Can I get late payments removed from my credit report?
First things first: If your bills are past due, the sooner you can pay them off, the better. As we noted above, the damaging effects of a late payment on your credit scores can increase if you let the delinquency drag on.
But say you want to go a step further and try to actually remove a late payment from your credit reports. There are several ways you might try to go about this, and they differ depending on the particular situation.
- Write a goodwill letter. There’s no guarantee it will work, but you can try writing a goodwill letter that explains your history with the lender, your situation and the fact that you take responsibility for the error. In some cases, this may be enough — but don’t count on it. You may have better luck with this method if you have an otherwise stellar history of making payments on time.
- Negotiate. Another potential way to remove a late payment is negotiating with your lender. Your lender may remove the negative mark if you agree to a partial settlement or to pay off the debt in full. If you reach an agreement, make sure to get it in writing.
- Dispute errors on your credit reports. If you see a payment on your credit reports that was incorrectly marked late, you can dispute the error with the credit bureaus. You have the right to challenge errors on your reports, and if a credit bureau can’t verify the accuracy of the information on your report, it must remove that information. You’ll also want to notify the appropriate lender to explain that you’re disputing the information provided to the bureau. Many lenders specify an address for disputes.
Credit Karma offers free credit reports from two of the major credit bureaus, TransUnion® and Equifax®. You can dispute an erroneous late payment on your TransUnion credit report using Credit Karma’s Direct Dispute™ feature. To start, simply click on the account with the error and look for Direct Dispute™ in the details of the account.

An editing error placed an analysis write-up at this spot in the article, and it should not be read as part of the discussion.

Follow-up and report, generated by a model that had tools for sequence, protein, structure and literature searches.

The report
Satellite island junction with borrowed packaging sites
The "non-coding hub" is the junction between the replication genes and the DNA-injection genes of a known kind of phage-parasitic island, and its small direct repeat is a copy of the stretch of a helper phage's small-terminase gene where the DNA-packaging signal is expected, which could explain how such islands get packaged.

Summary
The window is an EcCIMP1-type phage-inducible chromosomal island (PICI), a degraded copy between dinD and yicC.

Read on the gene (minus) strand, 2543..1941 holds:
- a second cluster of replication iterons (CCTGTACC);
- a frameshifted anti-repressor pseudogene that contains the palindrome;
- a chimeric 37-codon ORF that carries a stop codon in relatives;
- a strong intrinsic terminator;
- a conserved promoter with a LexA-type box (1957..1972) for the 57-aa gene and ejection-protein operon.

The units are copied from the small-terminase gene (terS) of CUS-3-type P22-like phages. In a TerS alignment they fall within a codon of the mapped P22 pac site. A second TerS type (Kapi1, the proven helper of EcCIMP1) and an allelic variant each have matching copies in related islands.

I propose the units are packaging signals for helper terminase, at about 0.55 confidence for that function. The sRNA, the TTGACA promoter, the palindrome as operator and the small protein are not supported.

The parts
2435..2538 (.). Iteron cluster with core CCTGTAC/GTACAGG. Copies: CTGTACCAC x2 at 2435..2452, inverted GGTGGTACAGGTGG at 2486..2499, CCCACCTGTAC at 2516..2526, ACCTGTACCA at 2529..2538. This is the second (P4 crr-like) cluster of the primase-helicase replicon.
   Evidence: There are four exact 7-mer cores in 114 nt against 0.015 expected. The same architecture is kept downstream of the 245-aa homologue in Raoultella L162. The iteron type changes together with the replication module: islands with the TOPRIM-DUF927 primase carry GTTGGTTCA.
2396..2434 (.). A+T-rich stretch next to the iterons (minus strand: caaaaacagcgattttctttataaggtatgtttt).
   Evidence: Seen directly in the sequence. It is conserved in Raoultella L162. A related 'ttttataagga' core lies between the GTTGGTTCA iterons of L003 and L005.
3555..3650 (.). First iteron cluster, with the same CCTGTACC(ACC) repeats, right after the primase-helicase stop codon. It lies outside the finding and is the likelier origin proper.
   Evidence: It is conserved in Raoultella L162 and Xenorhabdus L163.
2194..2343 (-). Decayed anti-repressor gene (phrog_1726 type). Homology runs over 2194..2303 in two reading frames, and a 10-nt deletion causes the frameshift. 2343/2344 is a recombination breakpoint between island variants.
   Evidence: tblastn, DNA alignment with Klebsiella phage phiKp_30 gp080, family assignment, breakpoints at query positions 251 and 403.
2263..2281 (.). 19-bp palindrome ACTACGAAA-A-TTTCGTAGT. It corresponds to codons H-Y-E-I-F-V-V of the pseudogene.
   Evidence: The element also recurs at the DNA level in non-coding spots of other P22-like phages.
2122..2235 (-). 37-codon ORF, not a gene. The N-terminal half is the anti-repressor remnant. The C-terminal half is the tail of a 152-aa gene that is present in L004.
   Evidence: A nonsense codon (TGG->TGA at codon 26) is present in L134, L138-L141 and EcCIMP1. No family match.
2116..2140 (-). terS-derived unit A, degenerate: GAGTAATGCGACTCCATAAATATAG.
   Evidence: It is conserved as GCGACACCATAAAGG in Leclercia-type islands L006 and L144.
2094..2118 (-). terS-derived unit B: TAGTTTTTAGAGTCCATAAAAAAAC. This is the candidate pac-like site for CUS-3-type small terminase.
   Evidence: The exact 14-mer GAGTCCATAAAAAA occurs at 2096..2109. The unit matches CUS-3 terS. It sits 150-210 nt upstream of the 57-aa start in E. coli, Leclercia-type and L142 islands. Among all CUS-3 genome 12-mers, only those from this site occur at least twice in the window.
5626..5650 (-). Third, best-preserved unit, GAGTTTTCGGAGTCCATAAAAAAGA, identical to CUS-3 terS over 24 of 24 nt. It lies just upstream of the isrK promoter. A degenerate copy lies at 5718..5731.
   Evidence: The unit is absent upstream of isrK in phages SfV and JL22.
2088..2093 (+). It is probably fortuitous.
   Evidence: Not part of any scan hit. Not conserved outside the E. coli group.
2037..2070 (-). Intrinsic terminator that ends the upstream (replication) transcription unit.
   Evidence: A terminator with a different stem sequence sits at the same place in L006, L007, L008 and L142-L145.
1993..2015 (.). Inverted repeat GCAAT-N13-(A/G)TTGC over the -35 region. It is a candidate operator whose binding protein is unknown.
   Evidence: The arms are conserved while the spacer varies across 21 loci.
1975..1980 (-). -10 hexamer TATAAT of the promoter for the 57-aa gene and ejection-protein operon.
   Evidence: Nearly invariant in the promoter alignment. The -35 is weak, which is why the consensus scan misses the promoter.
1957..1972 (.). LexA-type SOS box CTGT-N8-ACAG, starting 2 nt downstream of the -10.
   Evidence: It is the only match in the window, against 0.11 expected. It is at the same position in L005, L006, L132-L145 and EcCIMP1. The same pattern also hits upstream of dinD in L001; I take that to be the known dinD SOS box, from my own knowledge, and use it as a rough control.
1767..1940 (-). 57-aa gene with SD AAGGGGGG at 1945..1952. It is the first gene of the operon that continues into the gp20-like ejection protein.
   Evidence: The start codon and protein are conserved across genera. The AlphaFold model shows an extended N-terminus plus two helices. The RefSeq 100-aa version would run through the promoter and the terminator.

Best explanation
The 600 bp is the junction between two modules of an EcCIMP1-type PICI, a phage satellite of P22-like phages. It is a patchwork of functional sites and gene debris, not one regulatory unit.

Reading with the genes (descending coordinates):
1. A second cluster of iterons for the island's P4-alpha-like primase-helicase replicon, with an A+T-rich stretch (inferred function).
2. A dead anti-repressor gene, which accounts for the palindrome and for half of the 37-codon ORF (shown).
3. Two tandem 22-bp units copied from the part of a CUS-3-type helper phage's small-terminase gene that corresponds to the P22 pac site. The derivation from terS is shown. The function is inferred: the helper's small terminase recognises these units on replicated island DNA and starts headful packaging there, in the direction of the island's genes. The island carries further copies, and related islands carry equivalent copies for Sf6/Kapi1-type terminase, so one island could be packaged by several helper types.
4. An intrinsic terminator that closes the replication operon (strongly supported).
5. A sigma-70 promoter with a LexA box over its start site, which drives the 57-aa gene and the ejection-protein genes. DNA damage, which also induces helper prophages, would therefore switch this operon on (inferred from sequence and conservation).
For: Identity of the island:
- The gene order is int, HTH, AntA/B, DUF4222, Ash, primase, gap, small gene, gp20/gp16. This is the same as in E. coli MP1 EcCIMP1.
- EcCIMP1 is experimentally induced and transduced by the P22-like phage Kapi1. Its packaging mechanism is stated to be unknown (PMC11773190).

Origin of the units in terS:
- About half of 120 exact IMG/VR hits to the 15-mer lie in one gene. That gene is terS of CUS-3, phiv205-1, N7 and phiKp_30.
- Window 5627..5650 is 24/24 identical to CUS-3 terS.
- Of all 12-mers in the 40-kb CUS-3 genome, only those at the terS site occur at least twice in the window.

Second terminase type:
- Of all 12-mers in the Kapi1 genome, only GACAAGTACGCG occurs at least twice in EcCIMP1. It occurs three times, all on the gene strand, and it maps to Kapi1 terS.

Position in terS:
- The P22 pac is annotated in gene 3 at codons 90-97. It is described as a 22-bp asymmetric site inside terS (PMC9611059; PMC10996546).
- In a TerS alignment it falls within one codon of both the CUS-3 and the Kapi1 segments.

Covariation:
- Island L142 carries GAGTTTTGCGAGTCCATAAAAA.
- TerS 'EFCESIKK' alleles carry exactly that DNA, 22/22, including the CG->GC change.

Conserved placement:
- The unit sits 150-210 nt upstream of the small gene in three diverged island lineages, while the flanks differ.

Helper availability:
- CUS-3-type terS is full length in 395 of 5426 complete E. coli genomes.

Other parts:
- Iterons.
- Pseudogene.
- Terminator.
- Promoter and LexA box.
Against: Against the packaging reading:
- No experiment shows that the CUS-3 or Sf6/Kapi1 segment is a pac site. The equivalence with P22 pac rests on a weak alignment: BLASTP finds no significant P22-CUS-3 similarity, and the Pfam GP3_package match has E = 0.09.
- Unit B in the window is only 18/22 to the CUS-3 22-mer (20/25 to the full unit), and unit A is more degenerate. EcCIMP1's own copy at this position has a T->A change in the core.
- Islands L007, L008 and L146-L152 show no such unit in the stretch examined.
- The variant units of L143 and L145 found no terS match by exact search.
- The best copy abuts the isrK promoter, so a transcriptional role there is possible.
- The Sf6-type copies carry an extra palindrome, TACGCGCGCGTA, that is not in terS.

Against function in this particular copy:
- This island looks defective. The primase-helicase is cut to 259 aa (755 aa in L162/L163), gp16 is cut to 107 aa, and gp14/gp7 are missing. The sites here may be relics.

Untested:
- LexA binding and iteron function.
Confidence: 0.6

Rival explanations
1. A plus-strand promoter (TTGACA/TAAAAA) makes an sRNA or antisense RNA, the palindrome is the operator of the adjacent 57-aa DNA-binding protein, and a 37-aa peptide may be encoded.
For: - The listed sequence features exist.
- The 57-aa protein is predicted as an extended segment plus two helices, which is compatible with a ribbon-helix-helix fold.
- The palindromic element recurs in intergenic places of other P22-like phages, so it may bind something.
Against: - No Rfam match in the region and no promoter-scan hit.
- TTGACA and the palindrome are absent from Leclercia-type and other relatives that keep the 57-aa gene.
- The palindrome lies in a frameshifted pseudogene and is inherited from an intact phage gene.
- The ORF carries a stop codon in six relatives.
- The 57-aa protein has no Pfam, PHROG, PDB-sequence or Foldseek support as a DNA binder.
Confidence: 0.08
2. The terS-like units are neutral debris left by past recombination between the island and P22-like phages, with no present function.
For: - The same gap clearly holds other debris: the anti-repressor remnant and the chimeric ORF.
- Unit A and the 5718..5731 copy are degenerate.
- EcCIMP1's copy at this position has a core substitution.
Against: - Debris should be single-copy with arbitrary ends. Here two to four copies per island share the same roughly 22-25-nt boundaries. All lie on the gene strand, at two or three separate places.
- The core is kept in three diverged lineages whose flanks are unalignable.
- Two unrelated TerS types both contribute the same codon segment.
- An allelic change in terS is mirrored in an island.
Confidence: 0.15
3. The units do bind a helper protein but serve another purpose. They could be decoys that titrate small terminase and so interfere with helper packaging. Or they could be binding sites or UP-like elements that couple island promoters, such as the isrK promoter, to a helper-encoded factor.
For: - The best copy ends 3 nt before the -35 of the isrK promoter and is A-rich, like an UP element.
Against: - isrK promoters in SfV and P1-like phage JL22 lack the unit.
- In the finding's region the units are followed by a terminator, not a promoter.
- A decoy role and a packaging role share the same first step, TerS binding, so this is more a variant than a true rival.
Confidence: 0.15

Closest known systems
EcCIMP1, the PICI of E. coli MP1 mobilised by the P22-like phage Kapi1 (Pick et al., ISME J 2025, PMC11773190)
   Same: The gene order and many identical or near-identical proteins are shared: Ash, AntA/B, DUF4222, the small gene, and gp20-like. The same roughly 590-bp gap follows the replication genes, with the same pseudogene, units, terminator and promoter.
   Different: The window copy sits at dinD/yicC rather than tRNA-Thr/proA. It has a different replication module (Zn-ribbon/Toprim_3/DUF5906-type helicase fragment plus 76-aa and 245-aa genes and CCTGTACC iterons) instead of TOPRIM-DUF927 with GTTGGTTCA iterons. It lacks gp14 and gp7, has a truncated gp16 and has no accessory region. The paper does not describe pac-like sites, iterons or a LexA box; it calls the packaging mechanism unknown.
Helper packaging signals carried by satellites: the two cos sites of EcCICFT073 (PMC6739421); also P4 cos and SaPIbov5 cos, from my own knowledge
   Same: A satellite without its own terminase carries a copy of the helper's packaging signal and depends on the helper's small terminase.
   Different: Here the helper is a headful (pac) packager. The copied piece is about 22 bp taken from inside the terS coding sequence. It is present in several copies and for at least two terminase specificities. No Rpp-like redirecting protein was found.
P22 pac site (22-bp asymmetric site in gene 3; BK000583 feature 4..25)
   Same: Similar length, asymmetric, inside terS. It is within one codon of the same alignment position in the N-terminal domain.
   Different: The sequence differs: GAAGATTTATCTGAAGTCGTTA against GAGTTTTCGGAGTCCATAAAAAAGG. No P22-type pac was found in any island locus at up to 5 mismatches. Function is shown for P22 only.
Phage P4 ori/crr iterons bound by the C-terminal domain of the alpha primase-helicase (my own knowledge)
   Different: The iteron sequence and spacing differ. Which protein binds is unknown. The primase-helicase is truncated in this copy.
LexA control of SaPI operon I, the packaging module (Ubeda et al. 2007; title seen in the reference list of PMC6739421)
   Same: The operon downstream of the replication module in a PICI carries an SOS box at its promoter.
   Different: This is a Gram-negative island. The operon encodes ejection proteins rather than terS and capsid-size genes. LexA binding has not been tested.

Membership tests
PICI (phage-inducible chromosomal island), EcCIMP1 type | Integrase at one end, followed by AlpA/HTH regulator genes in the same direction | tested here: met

Next steps: How to avoid late payments
Avoiding late payments can be easy if you set up a plan and have the resources to cover your expenses. One tactic you can use is set up automatic payments to pay the minimum amount due each month so you will never be late. You can always opt to pay an additional amount at any time.
Of course, not everyone likes having automatic payments taken out of their bank accounts. If that’s not your style, you can simply open your favorite calendar app and set recurring reminders to pay each bill before the due date. Just don’t forget to add a reminder each time you open a new account or when your payment date changes.
Another way to reduce the possibility of missing a payment is reducing the number of bills you pay each month.
Rather than juggle multiple credit card payments each month, you may want to explore whether a balance transfer credit card could help you consolidate high-interest credit card debt into a single card with a single bill. Alternatively, if a balance transfer credit card isn’t the right choice for your situation, a personal loan may be an option to help lower your overall debt’s interest rate and consolidate your bills into a single payment. In the end, you’ll have fewer payments to keep track of each month — and you may even reduce how long it will take to repay your debt.